Wildfire air pollution and daily mortality in a large urban area
Document Type: Journal Article
Author(s): S. Vedal; S. J. Dutton
Publication Year: 2006

Cataloging Information

  • aerosols
  • air pollution
  • cardiovascular disease
  • CO - carbon monoxide
  • Colorado
  • cover
  • forest fires
  • health factors
  • mortality
  • mortality
  • particulate matter
  • particulates
  • pollution
  • smoke effects
  • wildfires
  • wind
Record Maintained By:
Record Last Modified: September 19, 2018
FRAMES Record Number: 45027
Tall Timbers Record Number: 20476
TTRS Location Status: In-file
TTRS Call Number: Fire File
TTRS Abstract Status: Fair use, Okay, Reproduced by permission

This bibliographic record was either created or modified by the Tall Timbers Research Station and Land Conservancy and is provided without charge to promote research and education in Fire Ecology. The E.V. Komarek Fire Ecology Database is the intellectual property of the Tall Timbers Research Station and Land Conservancy.


Unusual air pollution episodes, such as when smoke from wildfires covers a large urban area, can be used to attempt to detect associations between short-term increases in particulate matter (PM) concentrations and subsequent mortality without relying on the sophisticated statistical models that are typically required in the absence of such episodes.The objective of this study was to explore whether acute increases in PM concentrations from wildfire smoke cause acute increases in daily mortality. The temporal patterns of daily nonaccidental deaths and daily cardiorespiratory deaths for June of 2002 in the Denver metropolitan area were examined and compared to those in two nearby counties in Colorado that were not affected by the wildfire smoke and to daily deaths in Denver in June of 2001. Abrupt increases in PM concentrations in Denver occurred on 2 days in June of 2002 as a result of wildfire smoke drifting over the Denver area. Small peaks in mortality corresponded to both of the PM peaks, but the first mortality peak also corresponded to a peak of mortality in the control counties, and cardiorespiratory deaths began to increase on the day before the second peak. Further, there was no detectable increase in cardiorespiratory deaths in the hours immediately following the PM peaks.Although the findings from this study do not rule out the possibility of small increases in mortality due to abrupt and dramatic increases in PM concentrations from wildfire smoke, in a population of over 2 million people no perceptible increases in daily mortality could be attributed to such events. © 2006 Elsevier Inc. All rights reserved.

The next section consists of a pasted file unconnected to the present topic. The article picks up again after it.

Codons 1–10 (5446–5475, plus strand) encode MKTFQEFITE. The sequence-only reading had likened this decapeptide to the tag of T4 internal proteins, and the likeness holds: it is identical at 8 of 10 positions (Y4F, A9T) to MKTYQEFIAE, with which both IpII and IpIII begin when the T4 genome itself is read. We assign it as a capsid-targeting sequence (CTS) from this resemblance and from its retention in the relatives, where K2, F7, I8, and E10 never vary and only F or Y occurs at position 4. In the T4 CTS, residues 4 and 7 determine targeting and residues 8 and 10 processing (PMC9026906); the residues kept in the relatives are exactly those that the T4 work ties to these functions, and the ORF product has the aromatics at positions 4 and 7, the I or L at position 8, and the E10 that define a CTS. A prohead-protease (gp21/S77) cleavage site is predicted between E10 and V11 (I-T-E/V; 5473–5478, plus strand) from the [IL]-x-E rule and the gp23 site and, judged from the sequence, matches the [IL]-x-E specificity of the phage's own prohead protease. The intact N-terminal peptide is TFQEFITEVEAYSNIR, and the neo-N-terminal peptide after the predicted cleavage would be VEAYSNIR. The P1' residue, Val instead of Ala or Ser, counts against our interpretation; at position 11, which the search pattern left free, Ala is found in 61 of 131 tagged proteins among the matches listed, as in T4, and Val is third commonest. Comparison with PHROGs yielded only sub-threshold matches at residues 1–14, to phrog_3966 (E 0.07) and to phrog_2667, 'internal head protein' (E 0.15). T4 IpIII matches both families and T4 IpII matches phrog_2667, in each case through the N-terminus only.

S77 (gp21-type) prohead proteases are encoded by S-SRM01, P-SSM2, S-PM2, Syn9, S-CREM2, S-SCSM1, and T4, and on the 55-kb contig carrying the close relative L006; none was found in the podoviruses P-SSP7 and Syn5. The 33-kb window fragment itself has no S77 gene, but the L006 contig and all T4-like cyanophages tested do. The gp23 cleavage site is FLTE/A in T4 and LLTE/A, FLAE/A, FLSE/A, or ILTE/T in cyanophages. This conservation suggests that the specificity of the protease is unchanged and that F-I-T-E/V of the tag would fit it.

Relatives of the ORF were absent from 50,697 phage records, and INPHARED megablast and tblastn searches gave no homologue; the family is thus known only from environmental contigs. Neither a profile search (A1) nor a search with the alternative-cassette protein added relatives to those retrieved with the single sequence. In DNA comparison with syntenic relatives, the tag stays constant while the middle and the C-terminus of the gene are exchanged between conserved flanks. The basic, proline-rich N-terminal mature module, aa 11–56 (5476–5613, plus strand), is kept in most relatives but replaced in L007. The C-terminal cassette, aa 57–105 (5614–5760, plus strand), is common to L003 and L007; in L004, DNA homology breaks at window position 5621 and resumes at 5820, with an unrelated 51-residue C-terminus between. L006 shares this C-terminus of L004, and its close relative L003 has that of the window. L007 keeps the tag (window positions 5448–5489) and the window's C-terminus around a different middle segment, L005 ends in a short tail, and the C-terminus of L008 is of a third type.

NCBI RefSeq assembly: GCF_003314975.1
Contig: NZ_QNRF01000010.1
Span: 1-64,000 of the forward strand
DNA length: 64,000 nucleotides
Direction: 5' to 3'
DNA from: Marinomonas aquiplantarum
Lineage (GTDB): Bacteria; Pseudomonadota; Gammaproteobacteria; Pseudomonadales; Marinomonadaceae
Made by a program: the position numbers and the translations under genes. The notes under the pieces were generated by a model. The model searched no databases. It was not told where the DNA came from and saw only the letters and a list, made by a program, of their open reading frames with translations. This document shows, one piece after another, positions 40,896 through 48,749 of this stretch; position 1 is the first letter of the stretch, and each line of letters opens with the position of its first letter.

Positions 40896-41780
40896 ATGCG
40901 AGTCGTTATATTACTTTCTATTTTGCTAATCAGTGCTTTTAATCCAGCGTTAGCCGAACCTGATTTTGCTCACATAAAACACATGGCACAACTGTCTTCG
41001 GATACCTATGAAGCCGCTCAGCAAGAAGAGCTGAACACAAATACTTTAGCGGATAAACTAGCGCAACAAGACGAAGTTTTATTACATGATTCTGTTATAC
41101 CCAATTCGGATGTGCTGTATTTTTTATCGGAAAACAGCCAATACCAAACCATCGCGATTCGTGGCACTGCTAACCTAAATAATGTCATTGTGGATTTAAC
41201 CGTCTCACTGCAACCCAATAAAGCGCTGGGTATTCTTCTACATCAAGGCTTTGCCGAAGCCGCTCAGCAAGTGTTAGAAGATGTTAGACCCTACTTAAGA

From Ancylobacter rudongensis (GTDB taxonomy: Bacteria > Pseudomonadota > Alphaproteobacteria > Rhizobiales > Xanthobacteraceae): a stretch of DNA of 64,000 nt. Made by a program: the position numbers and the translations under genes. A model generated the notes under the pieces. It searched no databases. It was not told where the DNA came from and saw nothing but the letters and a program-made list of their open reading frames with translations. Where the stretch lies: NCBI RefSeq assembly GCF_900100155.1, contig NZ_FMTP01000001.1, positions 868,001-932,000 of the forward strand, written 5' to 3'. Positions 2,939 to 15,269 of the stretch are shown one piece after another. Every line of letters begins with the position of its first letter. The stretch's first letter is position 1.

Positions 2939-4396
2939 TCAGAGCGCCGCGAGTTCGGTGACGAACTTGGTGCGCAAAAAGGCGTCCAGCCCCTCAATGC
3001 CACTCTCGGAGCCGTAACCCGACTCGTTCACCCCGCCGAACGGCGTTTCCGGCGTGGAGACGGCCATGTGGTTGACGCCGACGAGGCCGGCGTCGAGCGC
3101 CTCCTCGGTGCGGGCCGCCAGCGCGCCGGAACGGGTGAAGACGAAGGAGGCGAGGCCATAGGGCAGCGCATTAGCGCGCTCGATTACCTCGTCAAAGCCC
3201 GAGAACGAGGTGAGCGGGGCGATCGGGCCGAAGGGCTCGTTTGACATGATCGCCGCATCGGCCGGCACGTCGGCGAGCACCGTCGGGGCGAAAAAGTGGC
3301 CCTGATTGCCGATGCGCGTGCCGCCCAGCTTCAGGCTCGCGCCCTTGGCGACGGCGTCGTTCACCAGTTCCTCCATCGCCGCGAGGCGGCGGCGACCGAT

Vedal, S., and S. J. Dutton. 2006. Wildfire air pollution and daily mortality in a large urban area. Environmental Research, v. 102, no. 1, p. 29-35. 10.1016/j.envres.2006.03.008.